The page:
Being an American studying abroad for a semester, I was somewhat surprised (probably foolishly so) to find that something as simple as plumbing is, in fact, quite varied on the British Isles. Let me explain.

In America, the common way to bring water into a sink or bathtub is through two taps--one for hot water, one for cold--and one faucet. The taps are used to control the water pressure and the relative temperature of the water, which mixes in a single pipe and emerges from the spout. At least one drain is present at the bottom (often with a plug that is either attached to the sink via a chain or can be closed by pulling on a knob installed directly into the faucet), and in case of a sink there is usually a "safety drain" near the rim of the basin directly across from the faucet. A bathtub usually does not have a "safety drain" in the interest of keeping as much water actually inside itself as possible. A shower will have a grille instead, so that the constant stream of water can constantly drain without flooding the bathroom. Regardless of the drain species, American plumbing is built around the one-faucet-two-taps theory (excluding hotel showers, which were designed by a Lord of the Pit and tend to involve more funny knobs and dials than a 1950s television). I am ignoring the push-the-button or tag-the-sensor taps found in more futuristic truck stops for the sake of simplicity; this paragraph has gone on long enough.

British plumbing (and Scottish, and Welsh), however, has used no less than three different schemes of moving water from a holding tank onto either your hands or your naked body. One is the aforementioned push-the-tap scheme, although instead of a single faucet there are two, available in both bloody freezing and skin-searingly hot varieties (mixing the two is an exercise in futility; if your hands MUST be washed, just suck it in and do it quickly). The other two, however, are much more interesting.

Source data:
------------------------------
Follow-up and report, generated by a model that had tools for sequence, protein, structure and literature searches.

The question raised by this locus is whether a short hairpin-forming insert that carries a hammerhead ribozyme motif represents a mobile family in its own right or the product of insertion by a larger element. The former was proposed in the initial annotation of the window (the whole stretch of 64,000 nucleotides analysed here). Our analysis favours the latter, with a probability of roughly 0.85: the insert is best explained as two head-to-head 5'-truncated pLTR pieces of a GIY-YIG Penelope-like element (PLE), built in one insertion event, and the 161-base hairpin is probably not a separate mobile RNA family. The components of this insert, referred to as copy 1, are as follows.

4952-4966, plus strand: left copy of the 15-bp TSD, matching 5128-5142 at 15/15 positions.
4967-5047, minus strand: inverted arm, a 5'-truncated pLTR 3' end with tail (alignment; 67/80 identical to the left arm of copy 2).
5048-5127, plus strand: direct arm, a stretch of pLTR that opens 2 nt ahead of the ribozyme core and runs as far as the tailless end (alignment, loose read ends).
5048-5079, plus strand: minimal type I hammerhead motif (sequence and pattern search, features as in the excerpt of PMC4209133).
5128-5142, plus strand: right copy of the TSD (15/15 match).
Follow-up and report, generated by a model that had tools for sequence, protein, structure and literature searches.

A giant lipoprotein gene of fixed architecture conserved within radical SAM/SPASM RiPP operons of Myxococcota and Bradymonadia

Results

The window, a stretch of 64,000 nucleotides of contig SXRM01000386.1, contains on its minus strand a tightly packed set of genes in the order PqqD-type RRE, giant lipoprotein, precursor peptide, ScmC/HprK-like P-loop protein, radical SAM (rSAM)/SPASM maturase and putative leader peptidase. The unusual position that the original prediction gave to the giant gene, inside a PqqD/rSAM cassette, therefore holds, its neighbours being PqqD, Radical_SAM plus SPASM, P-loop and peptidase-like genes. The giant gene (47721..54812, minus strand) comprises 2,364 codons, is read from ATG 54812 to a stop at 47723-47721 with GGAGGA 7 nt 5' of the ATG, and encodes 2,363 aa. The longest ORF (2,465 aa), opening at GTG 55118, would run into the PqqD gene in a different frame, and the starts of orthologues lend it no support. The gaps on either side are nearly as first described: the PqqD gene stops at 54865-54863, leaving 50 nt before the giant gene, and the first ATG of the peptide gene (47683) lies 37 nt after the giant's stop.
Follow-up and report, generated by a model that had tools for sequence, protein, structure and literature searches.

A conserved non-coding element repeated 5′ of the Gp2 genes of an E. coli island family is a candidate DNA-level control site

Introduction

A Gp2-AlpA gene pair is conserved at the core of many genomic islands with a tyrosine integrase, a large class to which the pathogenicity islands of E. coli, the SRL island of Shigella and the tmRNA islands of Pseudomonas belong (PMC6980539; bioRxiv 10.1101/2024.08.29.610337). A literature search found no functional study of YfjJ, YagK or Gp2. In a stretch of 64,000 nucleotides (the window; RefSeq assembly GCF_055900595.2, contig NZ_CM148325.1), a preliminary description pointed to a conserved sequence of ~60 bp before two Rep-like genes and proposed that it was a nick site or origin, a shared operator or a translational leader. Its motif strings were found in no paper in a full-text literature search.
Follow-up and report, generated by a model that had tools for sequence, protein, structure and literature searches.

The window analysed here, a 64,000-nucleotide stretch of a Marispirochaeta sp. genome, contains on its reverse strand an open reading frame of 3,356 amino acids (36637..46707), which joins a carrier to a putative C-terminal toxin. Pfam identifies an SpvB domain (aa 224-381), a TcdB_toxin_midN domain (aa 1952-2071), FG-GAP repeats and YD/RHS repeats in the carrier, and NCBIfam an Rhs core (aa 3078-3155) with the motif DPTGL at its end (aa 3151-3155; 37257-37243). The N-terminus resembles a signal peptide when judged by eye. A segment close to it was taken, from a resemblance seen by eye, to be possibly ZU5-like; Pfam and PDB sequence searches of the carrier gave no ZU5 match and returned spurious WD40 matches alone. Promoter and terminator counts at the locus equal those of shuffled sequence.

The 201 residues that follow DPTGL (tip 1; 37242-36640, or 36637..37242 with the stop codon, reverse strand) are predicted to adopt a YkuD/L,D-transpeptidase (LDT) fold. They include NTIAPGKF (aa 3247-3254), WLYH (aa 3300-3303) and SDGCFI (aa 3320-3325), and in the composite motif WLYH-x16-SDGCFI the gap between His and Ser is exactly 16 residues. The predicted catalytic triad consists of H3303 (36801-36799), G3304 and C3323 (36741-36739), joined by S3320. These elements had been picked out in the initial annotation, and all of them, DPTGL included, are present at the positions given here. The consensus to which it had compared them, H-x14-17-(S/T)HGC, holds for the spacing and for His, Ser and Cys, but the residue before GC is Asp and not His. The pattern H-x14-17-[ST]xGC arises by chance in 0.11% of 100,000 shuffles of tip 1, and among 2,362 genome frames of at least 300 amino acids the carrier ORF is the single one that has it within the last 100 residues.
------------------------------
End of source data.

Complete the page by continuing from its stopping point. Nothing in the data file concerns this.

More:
Many sinks employ two taps, one for hot water and one for cold, but each has its own faucet. In some sinks the temperature can be moderated, but in my experience these were few; the washrooms of the UK were determined to make my unworthy American hands as inconveniencing as possible. Thankfully, those without much control over the heat of the water (you could mix the water a bit by splashing around, but it makes one look ridiculous) also tend to have grille drains, ensuring that the mean ol' agua will soon swirl away into nothingness, bearing soap bubbles.

The sort found in the campus showers--the showers that I used, at any rate--have two knobs, a circular grille drain, and the traditional plucked-sunflower shower head. The knobs themselves are rather odd. One is rather plebian, being the standard metal-thingy-that-turns; this knob controls the pressure of the water. The second is a knob with a bright red switch made from plastic; when at a perfectly balanced state of freezing water and broiling water, the little switch will clack into place. To make the water cooler, one pulls the switch (it slides back easily, so even the soapiest of thumbs can manage) and turns counterclockwise, and to make the water warmer the switch is pulled and the knob is turned clockwise. Temperature control can be handled independant of water pressure, so it's advisable to make sure the shower hasn't been left on "lobster boil" by the last bather.

I'm certain that other parts of Europe have even more fascinating lavatories, but my funds prevent me from exploring further. I am quite pleased to say that I have so far found NO occurances of "camping commodes"...those who are not familiar with an outhouse should consider yourselves blessed.

For those curious about the toilets, they're pretty much the same as any other toilet, with no funny dials or levers or intricate Rube Goldberg devices required to make them empty themselves. Maybe Europe doesn't hate me so much after all.